I don’t blame Microsoft for doing what it can to advance its own interests, consistent with the law. And lobbying governments is plainly consistent with the law. There was nothing surprising about its lobbying here, and nothing terribly surprising about the most powerful software producer in the United States having succeeded in its lobbying efforts.
What was surprising was the United States government’s reason for opposing the meeting. Again, as reported by Krim, Lois Boland, acting director of international relations for the U.S. Patent and Trademark Office, explained that “open-source software runs counter to the mission of WIPO, which is to promote intellectual-property rights.” She is quoted as saying, “To hold a meeting which has as its purpose to disclaim or waive such rights seems to us to be contrary to the goals of WIPO.”
These statements are astonishing on a number of levels.
First, they are just flat wrong. As I described, most open source and free software relies fundamentally upon the intellectual property right called “copyright.” Without it, restrictions imposed by those licenses wouldn’t work. Thus, to say it “runs counter” to the mission of promoting intellectual property rights reveals an extraordinary gap in under- standing—the sort of mistake that is excusable in a first-year law student, but an embarrassment from a high government official dealing with intellectual property issues.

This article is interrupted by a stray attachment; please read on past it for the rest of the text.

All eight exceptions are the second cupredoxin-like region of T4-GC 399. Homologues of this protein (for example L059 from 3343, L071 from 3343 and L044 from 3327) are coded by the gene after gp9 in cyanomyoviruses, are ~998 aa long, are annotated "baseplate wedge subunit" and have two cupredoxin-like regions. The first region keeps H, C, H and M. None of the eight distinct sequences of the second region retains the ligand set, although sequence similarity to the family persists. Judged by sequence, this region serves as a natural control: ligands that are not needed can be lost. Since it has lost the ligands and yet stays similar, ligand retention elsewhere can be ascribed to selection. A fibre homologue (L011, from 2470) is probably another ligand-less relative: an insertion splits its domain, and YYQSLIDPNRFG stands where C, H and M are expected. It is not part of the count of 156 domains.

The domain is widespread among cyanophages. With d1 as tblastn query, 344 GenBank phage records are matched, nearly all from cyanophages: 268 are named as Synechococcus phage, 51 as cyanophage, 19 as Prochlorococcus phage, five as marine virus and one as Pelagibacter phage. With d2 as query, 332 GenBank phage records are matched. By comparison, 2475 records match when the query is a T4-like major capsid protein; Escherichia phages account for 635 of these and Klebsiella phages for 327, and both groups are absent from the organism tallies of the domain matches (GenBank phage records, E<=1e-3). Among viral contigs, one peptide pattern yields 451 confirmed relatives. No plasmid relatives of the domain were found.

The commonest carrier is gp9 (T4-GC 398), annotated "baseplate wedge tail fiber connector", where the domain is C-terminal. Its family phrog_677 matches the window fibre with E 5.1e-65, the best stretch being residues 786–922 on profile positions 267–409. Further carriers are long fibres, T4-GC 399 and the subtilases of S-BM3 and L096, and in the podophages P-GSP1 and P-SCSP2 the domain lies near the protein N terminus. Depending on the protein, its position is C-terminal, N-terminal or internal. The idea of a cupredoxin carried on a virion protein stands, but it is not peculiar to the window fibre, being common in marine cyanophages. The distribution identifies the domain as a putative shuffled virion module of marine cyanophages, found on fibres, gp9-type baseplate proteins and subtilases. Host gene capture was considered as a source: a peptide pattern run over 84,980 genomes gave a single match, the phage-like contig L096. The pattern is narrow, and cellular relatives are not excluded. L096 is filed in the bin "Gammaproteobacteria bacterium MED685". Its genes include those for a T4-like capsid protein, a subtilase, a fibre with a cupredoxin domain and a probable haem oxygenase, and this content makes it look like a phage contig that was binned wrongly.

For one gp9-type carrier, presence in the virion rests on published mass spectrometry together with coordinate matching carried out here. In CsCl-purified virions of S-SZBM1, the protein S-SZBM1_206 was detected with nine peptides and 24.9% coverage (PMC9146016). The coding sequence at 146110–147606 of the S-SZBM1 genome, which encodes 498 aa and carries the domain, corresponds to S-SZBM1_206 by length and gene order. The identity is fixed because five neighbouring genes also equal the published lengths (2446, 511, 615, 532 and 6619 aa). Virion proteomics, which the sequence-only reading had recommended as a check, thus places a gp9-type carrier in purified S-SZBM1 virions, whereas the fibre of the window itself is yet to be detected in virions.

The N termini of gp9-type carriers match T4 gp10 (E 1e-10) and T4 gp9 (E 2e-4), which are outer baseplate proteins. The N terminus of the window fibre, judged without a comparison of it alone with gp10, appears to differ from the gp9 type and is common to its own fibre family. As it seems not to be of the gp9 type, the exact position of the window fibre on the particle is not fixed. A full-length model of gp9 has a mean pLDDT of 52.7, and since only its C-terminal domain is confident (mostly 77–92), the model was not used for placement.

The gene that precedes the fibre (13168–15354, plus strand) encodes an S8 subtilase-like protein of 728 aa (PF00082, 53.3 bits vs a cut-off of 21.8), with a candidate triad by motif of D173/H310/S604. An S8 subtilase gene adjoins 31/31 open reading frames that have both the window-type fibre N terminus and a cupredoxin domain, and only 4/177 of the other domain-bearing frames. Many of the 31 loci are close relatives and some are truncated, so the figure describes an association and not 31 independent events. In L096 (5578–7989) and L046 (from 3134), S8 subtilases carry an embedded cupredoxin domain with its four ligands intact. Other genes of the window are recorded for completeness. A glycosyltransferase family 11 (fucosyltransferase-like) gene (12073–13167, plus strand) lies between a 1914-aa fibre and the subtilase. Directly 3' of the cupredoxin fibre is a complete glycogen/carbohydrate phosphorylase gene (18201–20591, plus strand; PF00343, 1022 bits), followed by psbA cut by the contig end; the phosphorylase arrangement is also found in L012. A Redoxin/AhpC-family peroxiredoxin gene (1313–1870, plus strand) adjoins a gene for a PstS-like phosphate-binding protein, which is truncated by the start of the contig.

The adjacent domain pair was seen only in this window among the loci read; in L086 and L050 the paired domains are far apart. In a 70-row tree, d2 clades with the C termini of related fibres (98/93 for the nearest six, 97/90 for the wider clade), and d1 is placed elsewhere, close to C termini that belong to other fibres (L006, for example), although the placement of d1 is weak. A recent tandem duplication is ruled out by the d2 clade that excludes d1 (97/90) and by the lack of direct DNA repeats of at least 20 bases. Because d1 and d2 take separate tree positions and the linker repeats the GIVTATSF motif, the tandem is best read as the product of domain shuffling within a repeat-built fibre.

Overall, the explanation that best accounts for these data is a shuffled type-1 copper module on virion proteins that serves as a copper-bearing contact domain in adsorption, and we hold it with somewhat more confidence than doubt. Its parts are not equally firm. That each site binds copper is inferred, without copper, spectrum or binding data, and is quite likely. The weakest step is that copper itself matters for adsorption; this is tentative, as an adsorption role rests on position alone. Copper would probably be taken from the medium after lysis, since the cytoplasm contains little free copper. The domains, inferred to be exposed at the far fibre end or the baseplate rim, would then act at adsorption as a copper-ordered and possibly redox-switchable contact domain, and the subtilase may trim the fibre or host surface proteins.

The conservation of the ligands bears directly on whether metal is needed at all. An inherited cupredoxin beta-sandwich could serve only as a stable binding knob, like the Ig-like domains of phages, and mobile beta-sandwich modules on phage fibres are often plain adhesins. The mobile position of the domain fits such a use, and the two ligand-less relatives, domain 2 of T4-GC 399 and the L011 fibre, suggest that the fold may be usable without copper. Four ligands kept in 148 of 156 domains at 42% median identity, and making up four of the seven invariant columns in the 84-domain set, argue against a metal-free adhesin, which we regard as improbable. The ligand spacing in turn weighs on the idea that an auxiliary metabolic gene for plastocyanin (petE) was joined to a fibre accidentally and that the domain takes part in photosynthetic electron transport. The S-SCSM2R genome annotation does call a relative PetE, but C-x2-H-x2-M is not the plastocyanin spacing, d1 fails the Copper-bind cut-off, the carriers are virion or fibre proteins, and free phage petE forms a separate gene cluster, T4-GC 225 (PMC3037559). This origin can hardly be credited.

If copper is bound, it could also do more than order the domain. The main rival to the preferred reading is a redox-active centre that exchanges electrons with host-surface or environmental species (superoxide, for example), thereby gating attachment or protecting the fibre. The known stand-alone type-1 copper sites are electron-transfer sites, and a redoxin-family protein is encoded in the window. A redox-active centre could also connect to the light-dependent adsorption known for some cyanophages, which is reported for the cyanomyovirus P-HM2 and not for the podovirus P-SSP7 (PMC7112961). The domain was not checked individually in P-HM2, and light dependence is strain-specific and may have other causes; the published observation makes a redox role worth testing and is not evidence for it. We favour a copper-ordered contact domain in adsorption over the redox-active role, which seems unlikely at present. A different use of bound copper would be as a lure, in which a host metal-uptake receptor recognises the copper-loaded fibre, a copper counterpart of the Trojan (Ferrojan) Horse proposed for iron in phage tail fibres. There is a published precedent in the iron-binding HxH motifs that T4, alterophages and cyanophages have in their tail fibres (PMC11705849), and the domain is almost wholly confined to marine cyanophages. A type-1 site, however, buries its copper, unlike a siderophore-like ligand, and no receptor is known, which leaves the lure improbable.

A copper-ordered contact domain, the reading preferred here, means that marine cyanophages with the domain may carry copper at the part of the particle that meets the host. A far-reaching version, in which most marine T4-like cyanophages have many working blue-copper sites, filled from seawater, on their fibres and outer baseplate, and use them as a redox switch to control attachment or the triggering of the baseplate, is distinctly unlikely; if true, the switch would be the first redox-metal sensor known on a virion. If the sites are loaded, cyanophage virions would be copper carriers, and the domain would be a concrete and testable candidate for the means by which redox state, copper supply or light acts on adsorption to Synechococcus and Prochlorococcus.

Second, who ever said that WIPO’s exclusive aim was to “promote” intellectual property maximally? As I had been scolded at the preparatory conference of WSIS, WIPO is to consider not only how best to protect intellectual property, but also what the best balance of intellectual property is. As every economist and lawyer knows, the hard question in intellectual property law is to find that balance. But that there should be limits is, I had thought, uncontested. One wants to ask Ms. Boland, are generic drugs (drugs based on drugs whose patent has expired) contrary to the WIPO mission? Does the public domain weaken intellectual property? Would it have been better if the protocols of the Internet had been patented?